Keep the data coming

November 09, 2020

A pre-emptive memory management system developed by KAUST researchers can speed up data-intensive simulations by 2.5 times by eliminating delays due to slow data delivery. The development elegantly and transparently addresses one of the most stubborn bottlenecks in modern supercomputing--delivering data from memory fast enough to keep up with computations.

"Reducing the movement of data while keeping it close to the computing hardware is one of the most daunting challenges facing computational scientists handling big data," explains Hatem Ltaief from the research team. "This is exacerbated by the widening gap between computational speed and memory transmission capacity, and the need to store high-volume data on remote storage media."

The key challenge in processing big data is the cost and scale of storing the data in memory. The faster the memory, the more expensive it is, and the faster the data need to be moved between computing elements. Because only relatively small capacities of the fastest memory are available on even the most powerful supercomputing platforms, system engineers add successively larger, slower and more remote layers of memory to hold the tera- and petabytes of data typical of big data sets.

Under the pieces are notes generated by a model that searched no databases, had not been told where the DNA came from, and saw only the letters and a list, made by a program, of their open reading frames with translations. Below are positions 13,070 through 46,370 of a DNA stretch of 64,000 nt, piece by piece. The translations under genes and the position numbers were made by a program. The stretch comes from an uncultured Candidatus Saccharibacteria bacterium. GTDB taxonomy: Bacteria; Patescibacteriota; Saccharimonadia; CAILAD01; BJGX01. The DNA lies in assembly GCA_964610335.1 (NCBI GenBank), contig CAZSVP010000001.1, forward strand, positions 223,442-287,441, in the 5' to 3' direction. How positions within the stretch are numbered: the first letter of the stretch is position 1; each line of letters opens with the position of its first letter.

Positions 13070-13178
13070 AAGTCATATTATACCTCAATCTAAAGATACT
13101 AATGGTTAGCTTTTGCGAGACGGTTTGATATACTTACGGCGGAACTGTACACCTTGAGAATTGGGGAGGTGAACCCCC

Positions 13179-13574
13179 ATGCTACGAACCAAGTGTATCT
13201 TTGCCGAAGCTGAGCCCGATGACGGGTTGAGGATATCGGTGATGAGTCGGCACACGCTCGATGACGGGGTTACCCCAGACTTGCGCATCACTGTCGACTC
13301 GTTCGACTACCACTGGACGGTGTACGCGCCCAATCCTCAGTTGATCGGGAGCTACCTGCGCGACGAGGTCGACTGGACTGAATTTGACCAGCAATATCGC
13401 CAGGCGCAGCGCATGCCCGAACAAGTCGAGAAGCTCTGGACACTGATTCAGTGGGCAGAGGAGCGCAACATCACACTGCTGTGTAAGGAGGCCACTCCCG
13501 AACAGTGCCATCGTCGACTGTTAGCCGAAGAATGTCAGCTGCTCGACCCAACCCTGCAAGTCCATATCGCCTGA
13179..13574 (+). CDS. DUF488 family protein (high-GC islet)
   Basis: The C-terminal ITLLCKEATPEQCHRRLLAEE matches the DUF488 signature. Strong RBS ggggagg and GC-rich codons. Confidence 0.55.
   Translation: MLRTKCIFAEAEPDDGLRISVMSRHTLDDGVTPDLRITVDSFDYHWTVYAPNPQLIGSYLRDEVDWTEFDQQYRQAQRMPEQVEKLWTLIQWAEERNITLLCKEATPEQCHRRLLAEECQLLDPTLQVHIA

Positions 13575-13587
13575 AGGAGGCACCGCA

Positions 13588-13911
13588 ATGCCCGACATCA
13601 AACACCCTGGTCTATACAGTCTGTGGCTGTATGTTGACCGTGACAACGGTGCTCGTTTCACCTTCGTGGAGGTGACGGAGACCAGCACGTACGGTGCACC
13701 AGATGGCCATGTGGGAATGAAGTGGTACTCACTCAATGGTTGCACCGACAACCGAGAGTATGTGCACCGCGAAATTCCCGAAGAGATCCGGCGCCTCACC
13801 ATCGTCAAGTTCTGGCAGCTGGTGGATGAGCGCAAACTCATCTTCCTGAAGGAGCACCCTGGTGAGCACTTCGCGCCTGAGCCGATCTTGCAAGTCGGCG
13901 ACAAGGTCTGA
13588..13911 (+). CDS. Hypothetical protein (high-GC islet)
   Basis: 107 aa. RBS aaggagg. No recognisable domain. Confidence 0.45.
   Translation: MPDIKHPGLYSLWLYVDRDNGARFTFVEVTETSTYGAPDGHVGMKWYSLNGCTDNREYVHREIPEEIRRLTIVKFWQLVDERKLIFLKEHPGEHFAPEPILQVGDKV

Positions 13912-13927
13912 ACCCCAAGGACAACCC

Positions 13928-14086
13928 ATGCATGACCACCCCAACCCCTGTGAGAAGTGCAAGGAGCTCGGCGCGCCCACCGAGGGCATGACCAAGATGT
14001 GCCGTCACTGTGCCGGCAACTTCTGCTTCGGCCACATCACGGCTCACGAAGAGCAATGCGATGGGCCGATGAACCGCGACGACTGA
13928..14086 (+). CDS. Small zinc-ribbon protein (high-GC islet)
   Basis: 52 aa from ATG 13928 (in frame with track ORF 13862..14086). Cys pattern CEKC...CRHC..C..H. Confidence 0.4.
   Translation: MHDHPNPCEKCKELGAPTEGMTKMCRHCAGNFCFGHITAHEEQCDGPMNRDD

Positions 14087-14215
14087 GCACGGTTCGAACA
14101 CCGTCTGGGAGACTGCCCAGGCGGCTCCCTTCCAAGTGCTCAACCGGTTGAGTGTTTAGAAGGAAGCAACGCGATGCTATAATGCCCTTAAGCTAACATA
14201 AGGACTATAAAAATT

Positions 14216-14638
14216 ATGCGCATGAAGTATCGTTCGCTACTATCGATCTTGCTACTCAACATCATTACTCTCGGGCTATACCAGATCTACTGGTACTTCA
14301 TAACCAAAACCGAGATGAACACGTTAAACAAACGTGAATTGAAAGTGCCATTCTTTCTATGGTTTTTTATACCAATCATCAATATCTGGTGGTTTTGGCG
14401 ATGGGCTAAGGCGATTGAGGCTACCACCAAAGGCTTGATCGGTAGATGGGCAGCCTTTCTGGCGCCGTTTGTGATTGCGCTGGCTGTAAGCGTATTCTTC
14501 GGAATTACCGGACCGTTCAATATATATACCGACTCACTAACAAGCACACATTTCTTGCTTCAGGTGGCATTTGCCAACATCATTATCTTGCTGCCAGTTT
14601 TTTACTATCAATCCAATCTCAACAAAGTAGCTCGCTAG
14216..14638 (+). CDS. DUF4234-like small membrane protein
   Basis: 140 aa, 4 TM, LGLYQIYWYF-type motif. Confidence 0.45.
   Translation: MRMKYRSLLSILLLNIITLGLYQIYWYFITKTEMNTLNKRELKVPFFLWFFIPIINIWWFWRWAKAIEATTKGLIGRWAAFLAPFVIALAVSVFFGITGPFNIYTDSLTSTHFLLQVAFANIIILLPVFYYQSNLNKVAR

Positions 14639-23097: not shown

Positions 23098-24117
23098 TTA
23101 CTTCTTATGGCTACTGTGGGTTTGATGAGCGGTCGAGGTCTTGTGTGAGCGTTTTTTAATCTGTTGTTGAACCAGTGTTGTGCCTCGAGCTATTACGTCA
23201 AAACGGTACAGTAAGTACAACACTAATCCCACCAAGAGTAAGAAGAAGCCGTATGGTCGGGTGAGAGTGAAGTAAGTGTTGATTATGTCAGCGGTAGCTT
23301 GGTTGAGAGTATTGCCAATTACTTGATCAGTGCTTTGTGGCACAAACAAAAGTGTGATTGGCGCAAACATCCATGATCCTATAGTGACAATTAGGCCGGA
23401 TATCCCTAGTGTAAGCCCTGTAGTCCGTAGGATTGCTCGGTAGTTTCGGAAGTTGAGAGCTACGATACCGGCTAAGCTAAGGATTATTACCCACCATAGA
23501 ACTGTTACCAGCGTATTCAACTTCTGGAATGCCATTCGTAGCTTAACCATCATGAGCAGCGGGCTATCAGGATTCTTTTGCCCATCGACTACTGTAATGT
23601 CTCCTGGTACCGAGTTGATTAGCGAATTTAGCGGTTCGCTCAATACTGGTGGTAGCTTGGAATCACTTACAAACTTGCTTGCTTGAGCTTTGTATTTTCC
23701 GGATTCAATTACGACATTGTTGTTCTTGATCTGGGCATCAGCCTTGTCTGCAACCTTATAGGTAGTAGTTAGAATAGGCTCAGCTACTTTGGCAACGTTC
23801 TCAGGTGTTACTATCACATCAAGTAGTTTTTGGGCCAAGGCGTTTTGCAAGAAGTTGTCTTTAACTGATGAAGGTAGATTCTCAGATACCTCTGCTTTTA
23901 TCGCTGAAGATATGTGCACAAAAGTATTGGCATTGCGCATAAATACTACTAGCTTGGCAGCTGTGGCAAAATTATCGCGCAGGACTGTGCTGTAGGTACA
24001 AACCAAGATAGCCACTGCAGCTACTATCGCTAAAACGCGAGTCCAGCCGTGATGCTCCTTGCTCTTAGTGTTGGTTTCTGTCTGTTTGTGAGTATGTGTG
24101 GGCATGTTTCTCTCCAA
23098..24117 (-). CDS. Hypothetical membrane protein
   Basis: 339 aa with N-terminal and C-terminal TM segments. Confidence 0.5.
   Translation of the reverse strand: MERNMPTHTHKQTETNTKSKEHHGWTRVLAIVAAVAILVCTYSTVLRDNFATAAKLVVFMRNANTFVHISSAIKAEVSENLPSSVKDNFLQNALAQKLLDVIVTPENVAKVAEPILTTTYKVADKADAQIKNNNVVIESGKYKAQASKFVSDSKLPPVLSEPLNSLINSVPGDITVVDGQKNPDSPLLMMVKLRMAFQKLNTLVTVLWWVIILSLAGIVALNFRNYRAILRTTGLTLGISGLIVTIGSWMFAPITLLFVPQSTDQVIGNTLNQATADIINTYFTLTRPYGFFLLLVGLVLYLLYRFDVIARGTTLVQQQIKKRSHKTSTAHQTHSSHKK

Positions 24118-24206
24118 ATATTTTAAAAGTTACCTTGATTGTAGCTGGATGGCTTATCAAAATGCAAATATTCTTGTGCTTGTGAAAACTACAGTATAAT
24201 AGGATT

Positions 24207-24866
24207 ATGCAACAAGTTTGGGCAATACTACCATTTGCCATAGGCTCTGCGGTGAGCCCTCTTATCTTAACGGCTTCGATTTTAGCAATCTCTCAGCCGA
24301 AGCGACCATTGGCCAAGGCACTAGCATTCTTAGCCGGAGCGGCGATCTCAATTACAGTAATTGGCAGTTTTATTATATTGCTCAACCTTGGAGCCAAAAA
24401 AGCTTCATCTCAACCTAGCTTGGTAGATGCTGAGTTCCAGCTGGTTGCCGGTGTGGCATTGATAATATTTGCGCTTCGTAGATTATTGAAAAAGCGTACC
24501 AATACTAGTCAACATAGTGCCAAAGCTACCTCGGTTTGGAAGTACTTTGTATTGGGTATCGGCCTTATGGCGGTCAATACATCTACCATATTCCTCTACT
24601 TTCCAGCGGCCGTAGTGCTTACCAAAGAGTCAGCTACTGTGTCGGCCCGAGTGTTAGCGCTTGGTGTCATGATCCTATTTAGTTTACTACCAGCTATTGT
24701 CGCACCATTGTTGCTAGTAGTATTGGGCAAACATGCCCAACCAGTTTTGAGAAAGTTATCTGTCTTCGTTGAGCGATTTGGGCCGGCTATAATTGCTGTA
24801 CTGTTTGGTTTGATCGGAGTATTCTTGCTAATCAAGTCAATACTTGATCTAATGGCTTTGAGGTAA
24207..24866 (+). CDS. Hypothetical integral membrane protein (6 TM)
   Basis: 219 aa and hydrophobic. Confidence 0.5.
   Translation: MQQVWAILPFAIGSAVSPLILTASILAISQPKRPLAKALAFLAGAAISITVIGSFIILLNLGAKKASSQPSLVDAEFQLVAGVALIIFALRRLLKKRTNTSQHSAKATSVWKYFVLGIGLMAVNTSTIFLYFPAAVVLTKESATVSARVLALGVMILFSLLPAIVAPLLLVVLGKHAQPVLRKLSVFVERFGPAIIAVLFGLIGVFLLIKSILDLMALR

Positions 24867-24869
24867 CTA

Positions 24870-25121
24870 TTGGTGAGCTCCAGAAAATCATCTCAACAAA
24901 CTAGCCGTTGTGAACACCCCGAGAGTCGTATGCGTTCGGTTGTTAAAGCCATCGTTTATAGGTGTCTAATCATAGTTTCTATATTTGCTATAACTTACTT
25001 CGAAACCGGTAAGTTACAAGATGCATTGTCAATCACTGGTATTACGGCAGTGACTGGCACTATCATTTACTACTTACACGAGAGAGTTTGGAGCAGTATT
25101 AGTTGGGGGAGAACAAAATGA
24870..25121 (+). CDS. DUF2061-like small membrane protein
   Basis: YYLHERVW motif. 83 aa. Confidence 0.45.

"It is in this hostile landscape that our system comes into play by reducing the overhead of moving data in and out of remote storage hardware," says Ltaief.

Ltaief with colleagues David Keyes and Tariq Alturkestani developed their multilayer buffer system (MLBS) to work proactively to maintain the data as close as possible to the computing hardware by orchestrating data movement among memory layers.

"MLBS relies on a multilevel buffering technique that outsmarts the simulation by making it 'see' all the hundreds of petabytes of data as being in fast memory," says Alturkestani. "The buffering mechanism prevents the application from stalling when it would have needed to access data located on remote storage, allowing the application to proceed at full speed with asynchronous computing operations."

This synergism provided by MLBS achieved a speedup of 2.5 times for a three-dimensional seismic exploration simulation involving hundreds of petabytes of data movements using KAUST's Shaheen-2 supercomputer.

"This approach also reduces the energy required to move data to and from remote storage media, which can be hundreds of times higher than the energy to perform a single computation on local memory," says Ltaief. "Using MLBS, we can mitigate the energy overhead of data movement, which is one of the main goals of our center."

King Abdullah University of Science & Technology (KAUST)

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